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Indian Hill Board of Education sets vision for future of District

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In a unanimous vote, the Indian Hill Board of Education took the first steps toward placing a combined operating and bond issue on the May 4, 2021 ballot during a special Board meeting Tuesday, December 22, 2020. The ballot issue will provide dollars for daily operations and a bond issue to meet critical District needs. 

The combined operating and bond issue is estimated at approximately 5.43 mills. The estimated cost of the May 4 ballot issue is approximately $190.05/year ($ 15.84/month) per $100,000 of property market value per the County Auditor’s website.

“We have listened to our stakeholders the past two years during a very public process, and we are confident that the time to act is now,” said Indian Hill Board of Education President Nancy Aichholz. “As a District, we face significant operational and capital needs that this combined issue will fund, therefore continuing to provide a consistently excellent academic environment for future generations of our students.”

Building a Brave Future
The importance of the bond issue is to help protect the investment in the District’s current facilities; make security upgrades at buildings across the District; replace and maintain mechanical systems; and replace Indian Hill Middle School. 

Last school year, a dedicated team of Indian Hill School District residents who comprised the community-based Finance Steering Committee and the Facilities Steering Committee delivered comprehensive recommendations for the Board of Education to consider. These reports were the culmination of research into our operations and facilities needs that first began in 2018. 

And the work to Build a Brave Future did not stop. 

Members from each of those committees formed a Facilities Vision Task Force. The task force was divided into three main teams working on: plans for a complete rebuild of Indian Hill Middle School and enhancements to Indian Hill High School; plans for enhancements to Indian Hill Elementary School and Indian Hill Primary School; and, plans for what the transition would look like for students and staff during a proposed construction timeline.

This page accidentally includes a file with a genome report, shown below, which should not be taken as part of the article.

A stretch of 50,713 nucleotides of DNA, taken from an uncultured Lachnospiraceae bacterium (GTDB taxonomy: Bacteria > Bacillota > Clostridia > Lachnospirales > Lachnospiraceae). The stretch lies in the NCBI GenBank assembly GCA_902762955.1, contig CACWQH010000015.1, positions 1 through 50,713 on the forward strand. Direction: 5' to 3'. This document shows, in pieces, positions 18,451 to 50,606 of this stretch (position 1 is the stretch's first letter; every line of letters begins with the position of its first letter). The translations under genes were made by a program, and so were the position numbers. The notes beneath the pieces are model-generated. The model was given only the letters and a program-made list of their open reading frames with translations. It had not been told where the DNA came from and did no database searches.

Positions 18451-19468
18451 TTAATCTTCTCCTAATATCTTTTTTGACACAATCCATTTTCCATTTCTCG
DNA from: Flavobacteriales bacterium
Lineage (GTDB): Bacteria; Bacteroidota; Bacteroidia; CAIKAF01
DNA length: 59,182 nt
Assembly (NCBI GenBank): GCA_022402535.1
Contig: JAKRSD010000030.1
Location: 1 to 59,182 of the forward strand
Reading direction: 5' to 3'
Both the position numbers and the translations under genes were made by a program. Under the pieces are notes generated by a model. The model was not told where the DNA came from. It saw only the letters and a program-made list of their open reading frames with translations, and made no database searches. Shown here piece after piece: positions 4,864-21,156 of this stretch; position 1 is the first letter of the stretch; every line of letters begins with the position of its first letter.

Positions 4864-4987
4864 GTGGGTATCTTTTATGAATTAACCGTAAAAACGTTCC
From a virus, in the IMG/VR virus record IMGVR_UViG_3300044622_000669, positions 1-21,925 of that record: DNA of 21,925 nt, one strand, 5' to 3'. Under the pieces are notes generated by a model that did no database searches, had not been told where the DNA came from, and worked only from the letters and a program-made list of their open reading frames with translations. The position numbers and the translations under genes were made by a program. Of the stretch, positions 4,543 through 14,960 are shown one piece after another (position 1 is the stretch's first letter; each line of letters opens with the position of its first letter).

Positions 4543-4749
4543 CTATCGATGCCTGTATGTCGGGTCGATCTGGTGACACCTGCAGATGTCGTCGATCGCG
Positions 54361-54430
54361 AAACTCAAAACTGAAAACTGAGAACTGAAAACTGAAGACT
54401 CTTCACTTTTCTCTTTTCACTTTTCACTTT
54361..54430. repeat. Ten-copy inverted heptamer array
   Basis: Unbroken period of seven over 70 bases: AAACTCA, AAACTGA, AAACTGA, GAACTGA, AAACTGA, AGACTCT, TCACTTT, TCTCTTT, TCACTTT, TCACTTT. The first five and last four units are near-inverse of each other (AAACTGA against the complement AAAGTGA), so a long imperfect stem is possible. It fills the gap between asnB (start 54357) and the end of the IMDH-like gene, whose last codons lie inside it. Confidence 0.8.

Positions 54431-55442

Guided by outside consultants, and in conjunction with District administrators and staff, those volunteers developed a draft plan working within the framework first defined by the recommendations of the Finance Steering Committee and Facilities Steering Committee. 

The task force presented this plan to the Board of Education during the December 8, 2020 meeting, and while not final, this vision will help to guide the facilities process in the future.   

“We appreciate the work of these committees, and we value the time and energy each member has invested for the future of our District,” said Aichholz. “This is a well-researched base plan for our future facilities, and will serve as the model from which we will work. Our needs are very real, and we must secure our future May 4.”

“Even with the passage of the May 4 levy, the District would remain among the lowest tax rates within Hamilton County,” said Indian Hill School District Treasurer Mick Davis. “Currently at 23.99 mills, our District’s tax rate is the lowest in Hamilton County out of all 23 districts. We are and will continue to be an excellent value.

“For many years our District has had to provide for building maintenance, upkeep, and upgrades by diverting funds from the daily operating budget. We have the opportunity to permanently fix this through a bond which would provide the District with a source of revenue specific to the capital needs. This will allow the District to focus our operating dollars on continuing to maintain our nationally recognized academic, art, and athletic programs.”

History of fiscal responsibility
The District did an excellent job managing the last bond issue – structuring the refinancing of bonds to achieve taxpayer savings of $8.5 million. That savings comes in the form of reduced millage paid towards the bonds. In 2019, a significant share of what residents pay on this bond expired – reducing the bond debt by 1.74 mills. That means an annual reduction of $304 on a $500,000 home, and an annual saving of $609 on a $1 million home. Additionally, residents will see another reduction of 1.4 mills in 2027. 

The last operating levy was more than 25 years ago. The District continues to operate from levies passed in the 1980s and earlier with a near-zero inflationary increase. 

If the levy passes, then the District can meet the operational and capital needs. The need to secure additional operating dollars and funding for capital projects does not go away with failure. Rather, the need is delayed and it worsens. If the levy fails in May, the District would need to consider district-wide cuts and reductions.

“Protecting and maintaining our world-class programs is our priority,” said Indian Hill Superintendent Kirk Koennecke. “The Indian Hill School District is ranked No. 1 in the state and No. 7 in the country according to Niche; we are ranked No. 5 in the state by U.S. News and World Report. We have received the Best Communities for Music Education the past six consecutive years. This is what we are working to maintain – an educational experience that is a model of excellence that endures.” 

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